The thing for us with all of [Eric]’s videos, but especially this one, is seeing the design process laid out, from beginning to (almost) the end. He sure makes industrial design look like a cool gig, one that would appeal to the Jacks- and Jills-of-all-trades who hang out around here.

This Robot Barfs Comics!

If there’s one thing that’s more fun than a comic, it’s a randomly generated comic. Well, perhaps that’s not true, but Reddit user [cadinb] wrote some software to generate a random comic strip and then built a robot case for it. Push a button on the robot and you’re presented with a randomly generated comic strip from the robot’s mouth.

The software that [cadinb] wrote is in Processing, an open source programming language and “sketchbook” for learning to code if you’re coming from a visual arts background. The Processing code determines how the images are cropped and placed and what kind of background they get. Each image is hand drawn by [cadinb] and has information associated with it so the code knows what the main focus of the image is. Once the panels are created, the final image is passed on to a thermal printer for printing. Everything is controlled from a Python script running on a Raspberry Pi and the code, strip artwork, and case is all available online to check out.

Now that the comic can print, a case is needed for the printer and controls. [cadinb] designed a case in Illustrator after creating a prototype out of foam core. The design was laser cut and then coloured – the main body with fabric dye and the arms stained with coffee!

Now [cadinb] has a robot that can sit on his table at conventions and a fan can press a button and have a randomly generated comic strip printed out before their eyes! We have a neat article about printing a comic on a strand of hair, and one about bringing the Banana Jr. 6000 to life!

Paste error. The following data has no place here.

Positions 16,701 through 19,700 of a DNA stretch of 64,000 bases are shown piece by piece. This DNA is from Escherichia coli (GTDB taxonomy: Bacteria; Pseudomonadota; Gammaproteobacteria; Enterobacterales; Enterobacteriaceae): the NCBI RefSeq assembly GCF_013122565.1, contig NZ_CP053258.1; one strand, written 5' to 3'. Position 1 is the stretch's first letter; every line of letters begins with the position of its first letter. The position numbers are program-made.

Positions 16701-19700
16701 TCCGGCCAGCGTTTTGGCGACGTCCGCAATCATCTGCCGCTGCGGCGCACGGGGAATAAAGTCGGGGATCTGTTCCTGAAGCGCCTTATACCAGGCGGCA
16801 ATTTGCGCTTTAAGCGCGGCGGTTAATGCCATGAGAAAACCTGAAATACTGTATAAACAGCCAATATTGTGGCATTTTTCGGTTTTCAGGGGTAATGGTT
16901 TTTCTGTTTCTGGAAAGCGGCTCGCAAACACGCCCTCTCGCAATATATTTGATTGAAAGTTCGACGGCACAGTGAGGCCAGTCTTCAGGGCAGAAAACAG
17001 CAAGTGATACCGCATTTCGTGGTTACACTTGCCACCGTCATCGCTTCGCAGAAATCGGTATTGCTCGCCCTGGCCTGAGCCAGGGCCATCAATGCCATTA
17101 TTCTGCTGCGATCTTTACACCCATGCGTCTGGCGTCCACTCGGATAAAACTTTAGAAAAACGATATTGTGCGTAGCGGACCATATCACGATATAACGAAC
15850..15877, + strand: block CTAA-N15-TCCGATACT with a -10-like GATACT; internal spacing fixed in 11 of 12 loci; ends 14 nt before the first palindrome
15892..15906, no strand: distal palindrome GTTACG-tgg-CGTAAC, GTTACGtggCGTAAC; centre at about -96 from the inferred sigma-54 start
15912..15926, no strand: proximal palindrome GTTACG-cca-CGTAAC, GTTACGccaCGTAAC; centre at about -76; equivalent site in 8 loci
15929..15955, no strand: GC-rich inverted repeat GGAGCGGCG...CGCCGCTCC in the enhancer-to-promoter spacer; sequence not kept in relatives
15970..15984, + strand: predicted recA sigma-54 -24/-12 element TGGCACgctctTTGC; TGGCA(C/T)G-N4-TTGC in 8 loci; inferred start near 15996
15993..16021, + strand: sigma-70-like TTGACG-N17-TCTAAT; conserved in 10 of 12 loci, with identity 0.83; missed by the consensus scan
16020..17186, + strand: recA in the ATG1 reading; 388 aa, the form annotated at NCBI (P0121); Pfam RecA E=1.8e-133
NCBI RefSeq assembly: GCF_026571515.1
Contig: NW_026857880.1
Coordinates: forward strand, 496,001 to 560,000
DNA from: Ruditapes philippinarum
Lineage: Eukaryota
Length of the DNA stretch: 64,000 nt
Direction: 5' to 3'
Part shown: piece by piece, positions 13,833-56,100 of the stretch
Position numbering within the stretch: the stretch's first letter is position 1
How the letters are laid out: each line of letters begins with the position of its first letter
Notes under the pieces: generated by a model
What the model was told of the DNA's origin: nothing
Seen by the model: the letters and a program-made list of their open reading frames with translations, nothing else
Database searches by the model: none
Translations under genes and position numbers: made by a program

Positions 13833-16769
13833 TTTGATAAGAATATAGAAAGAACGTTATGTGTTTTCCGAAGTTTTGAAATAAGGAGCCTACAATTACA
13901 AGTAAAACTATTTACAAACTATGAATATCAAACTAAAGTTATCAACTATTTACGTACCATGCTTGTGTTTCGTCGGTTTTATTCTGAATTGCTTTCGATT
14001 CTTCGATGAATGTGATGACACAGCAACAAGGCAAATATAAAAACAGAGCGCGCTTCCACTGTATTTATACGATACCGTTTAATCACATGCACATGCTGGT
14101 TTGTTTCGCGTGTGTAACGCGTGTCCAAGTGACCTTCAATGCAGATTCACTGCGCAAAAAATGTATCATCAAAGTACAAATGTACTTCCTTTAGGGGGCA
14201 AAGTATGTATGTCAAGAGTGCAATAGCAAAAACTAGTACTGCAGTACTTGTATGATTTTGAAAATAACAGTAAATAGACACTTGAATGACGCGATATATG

Via Reddit.

USB Reverse Engineering: A Universal Guide

Every hacker knows what it is to venture down a rabbit hole. Whether it lasts an afternoon, a month, or decades, finding a new niche topic and exploring where it leads is a familiar experience for Hackaday readers.

[Glenn ‘devalias’ Grant] is a self-proclaimed regular rabbit hole diver and is conscious that, between forays into specific topics, short-term knowledge and state of mind can be lost. This time, whilst exploring reverse engineering USB devices, [Glenn] captured the best resources, information and tools – for his future self as well as others.

His guide is impressively comprehensive, and covers all the necessary areas in hardware and software. After formally defining a USB system, [Glenn] refers us to [LinuxVoice], for a nifty tutorial on writing a linux USB driver for an RC car, in Python . Moving on to hardware, a number of open-source and commercial options are discussed, including GoodFET , FaceDancer, and Daisho – an FPGA based monitoring tool for analysing USB 3.0, HDMI and Gigabit Ethernet. If you only need to sniff low speed USB, here’s a beautifully small packet snooper from last year’s Hackaday prize.

This is a guide which is well-informed, clearly structured, and includes TL;DR sections in the perfect places. It gives due credit to LibUSB and PyUSB, and even includes resources for USB over IP.

If you’re worried about USB hacks like BadUSB, perhaps you should checkout GoodUSB – a hardware firewall for USB devices.

Header image: Ed g2s (CC-SA 3.0).

 

May 25 2018

Linear Clock is a Different Way to Look at Time